A Manchester hospital has agreed to pay compensation to an Indian origin man for the death of his newborn son.
It follows a four-year long campaign for justice by Kamaljeet Singh, whose baby son Maninder died of a brain injury at St Mary's Hospital in October 2008.
The baby was born under bed sheets while her mother had been numbed with an epidural.
An inquest into the death heard how the baby was already in a poor condition, but a delay in staff noticing that he had been born and acting to resuscitate him meant he suffered further, avoidable injury.
He suffered severe brain damage and died a few months later on May 4, 2009.
"This has been an extremely difficult four years for my family. We lost a much loved son under horrific circumstances," the 35-year-old father told the Manchester Evening News.
"We have fought so hard and we waited so long to receive an apology and an admission that more could have been done to save him. No amount of money in the world could ever replace what we have lost but we are now finally in position to move forward with our lives. We feel that in some small way justice has been done," he added.
Kamaljeet's wife, Geeta, died aged 32 of multiple organ failure, septicaemia and diabetes just months after the birth of the couple's second child in January 2010.
Manchester coroner Nigel Meadows recorded eight failings by the hospital in their care of both Geeta and Maninder. Geeta, who suffered from diabetes and a range of other health problems, was known to be a "high risk" case when she was admitted to the hospital in October 2008.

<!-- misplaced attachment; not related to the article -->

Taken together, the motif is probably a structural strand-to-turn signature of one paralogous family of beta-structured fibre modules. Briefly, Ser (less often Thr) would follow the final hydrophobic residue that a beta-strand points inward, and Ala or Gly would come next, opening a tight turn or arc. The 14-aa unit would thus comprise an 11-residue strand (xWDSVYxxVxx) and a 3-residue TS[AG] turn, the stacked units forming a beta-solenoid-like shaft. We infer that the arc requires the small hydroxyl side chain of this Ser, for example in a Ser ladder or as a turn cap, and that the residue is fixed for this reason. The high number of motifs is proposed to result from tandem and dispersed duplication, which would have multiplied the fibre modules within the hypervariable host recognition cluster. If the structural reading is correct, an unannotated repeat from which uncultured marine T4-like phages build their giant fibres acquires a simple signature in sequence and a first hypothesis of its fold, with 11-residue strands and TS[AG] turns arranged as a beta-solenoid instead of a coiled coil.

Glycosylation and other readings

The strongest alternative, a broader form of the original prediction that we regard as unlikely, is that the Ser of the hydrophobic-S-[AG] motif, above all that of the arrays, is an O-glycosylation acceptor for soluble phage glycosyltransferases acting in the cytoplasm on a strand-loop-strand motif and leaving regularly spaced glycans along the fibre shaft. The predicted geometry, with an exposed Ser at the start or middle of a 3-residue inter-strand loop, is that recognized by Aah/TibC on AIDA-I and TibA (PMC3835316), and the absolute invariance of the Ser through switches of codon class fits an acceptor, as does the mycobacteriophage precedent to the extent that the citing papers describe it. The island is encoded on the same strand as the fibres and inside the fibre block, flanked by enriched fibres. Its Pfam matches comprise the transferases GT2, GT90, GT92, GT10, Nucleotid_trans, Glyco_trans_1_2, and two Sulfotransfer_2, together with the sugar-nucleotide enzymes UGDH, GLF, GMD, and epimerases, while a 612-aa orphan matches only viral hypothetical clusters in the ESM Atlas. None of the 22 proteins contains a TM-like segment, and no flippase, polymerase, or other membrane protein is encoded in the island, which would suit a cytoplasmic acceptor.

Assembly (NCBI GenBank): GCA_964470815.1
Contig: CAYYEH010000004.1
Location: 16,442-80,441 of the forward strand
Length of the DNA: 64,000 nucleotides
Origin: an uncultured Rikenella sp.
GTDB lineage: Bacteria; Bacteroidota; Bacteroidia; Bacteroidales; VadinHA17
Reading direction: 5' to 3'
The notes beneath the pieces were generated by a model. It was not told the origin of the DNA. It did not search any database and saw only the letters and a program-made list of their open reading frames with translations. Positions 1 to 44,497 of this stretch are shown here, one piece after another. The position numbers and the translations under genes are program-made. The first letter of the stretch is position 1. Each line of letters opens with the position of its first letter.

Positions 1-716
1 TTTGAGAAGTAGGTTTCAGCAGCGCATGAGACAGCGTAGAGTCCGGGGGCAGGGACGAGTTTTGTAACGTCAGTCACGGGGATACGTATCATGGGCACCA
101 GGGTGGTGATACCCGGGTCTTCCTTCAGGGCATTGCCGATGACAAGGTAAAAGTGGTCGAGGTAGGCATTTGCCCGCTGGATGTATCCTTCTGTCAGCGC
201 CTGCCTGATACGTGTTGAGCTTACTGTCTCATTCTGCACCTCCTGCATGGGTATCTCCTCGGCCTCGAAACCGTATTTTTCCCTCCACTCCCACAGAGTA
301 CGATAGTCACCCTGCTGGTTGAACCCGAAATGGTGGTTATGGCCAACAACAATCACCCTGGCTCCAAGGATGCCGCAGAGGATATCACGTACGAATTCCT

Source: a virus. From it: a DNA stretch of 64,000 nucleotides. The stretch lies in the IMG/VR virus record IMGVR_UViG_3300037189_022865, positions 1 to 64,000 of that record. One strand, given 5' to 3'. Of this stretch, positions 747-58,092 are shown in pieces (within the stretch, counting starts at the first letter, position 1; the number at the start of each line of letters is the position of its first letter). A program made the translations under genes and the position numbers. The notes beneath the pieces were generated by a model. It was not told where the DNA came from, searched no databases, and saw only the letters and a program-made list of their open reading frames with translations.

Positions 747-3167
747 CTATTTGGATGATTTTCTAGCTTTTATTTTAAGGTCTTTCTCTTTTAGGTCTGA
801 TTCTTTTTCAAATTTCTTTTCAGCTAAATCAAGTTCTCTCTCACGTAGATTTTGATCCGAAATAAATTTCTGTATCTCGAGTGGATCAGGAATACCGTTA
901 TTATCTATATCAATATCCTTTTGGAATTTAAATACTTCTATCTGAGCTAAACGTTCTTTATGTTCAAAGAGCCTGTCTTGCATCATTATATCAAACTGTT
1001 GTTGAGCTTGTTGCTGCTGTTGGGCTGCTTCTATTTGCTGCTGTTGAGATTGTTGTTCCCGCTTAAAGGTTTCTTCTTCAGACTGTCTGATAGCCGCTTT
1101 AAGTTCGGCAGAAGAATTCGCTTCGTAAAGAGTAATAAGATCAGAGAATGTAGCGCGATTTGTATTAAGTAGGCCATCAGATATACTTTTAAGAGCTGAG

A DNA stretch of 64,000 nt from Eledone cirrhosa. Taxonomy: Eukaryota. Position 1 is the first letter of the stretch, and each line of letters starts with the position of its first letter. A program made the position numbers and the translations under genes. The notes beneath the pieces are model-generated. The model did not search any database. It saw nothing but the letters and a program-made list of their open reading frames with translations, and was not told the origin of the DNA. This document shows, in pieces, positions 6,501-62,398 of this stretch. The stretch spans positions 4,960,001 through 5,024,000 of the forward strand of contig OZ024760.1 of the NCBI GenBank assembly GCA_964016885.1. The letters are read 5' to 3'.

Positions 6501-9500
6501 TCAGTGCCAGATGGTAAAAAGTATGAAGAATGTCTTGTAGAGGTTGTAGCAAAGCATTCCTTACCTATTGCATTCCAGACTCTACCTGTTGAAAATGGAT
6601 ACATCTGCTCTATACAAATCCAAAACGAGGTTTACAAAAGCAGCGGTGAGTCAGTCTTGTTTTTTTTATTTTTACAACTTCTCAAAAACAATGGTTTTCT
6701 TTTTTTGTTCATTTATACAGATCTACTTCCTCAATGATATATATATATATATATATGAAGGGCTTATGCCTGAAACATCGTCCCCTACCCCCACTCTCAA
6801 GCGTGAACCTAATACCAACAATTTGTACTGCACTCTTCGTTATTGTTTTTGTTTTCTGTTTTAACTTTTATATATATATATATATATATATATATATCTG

A decision had been made to induce her at 34 weeks amid concerns the baby's growth had slowed. The midwife administered a drug to induce the baby but Geeta's pain worsened.
She consented to an epidural for the pain – but the consultant anaesthetist first performed a "spinal block" so she would sit still enough to have the epidural. This, the inquest heard, amounted to a double dose of pain relief while midwives did not regularly check Geeta's labour progress and she delivered Maninder while numb from the epidural.
When midwives went to monitor the baby's heart rate they pulled back the cover and discovered he had already been born. Maninder was given immediate resuscitation but suffered severe brain damage, developed severe respiratory problems and died six months later.
Kathryn Murphy, Head of Nursing and Midwifery at Saint Mary's Hospital said, "We have recognised there were failings surrounding the care of Maninder Singh in 2008 and we accept that this fell below the level of care we normally provide; as a result we have reviewed our practices and systems and implemented a number of changes."
"We would like to once again offer our sincere condolences to the Singh family and express our profound regret for Maninder's death," she said.
- Press Trust of India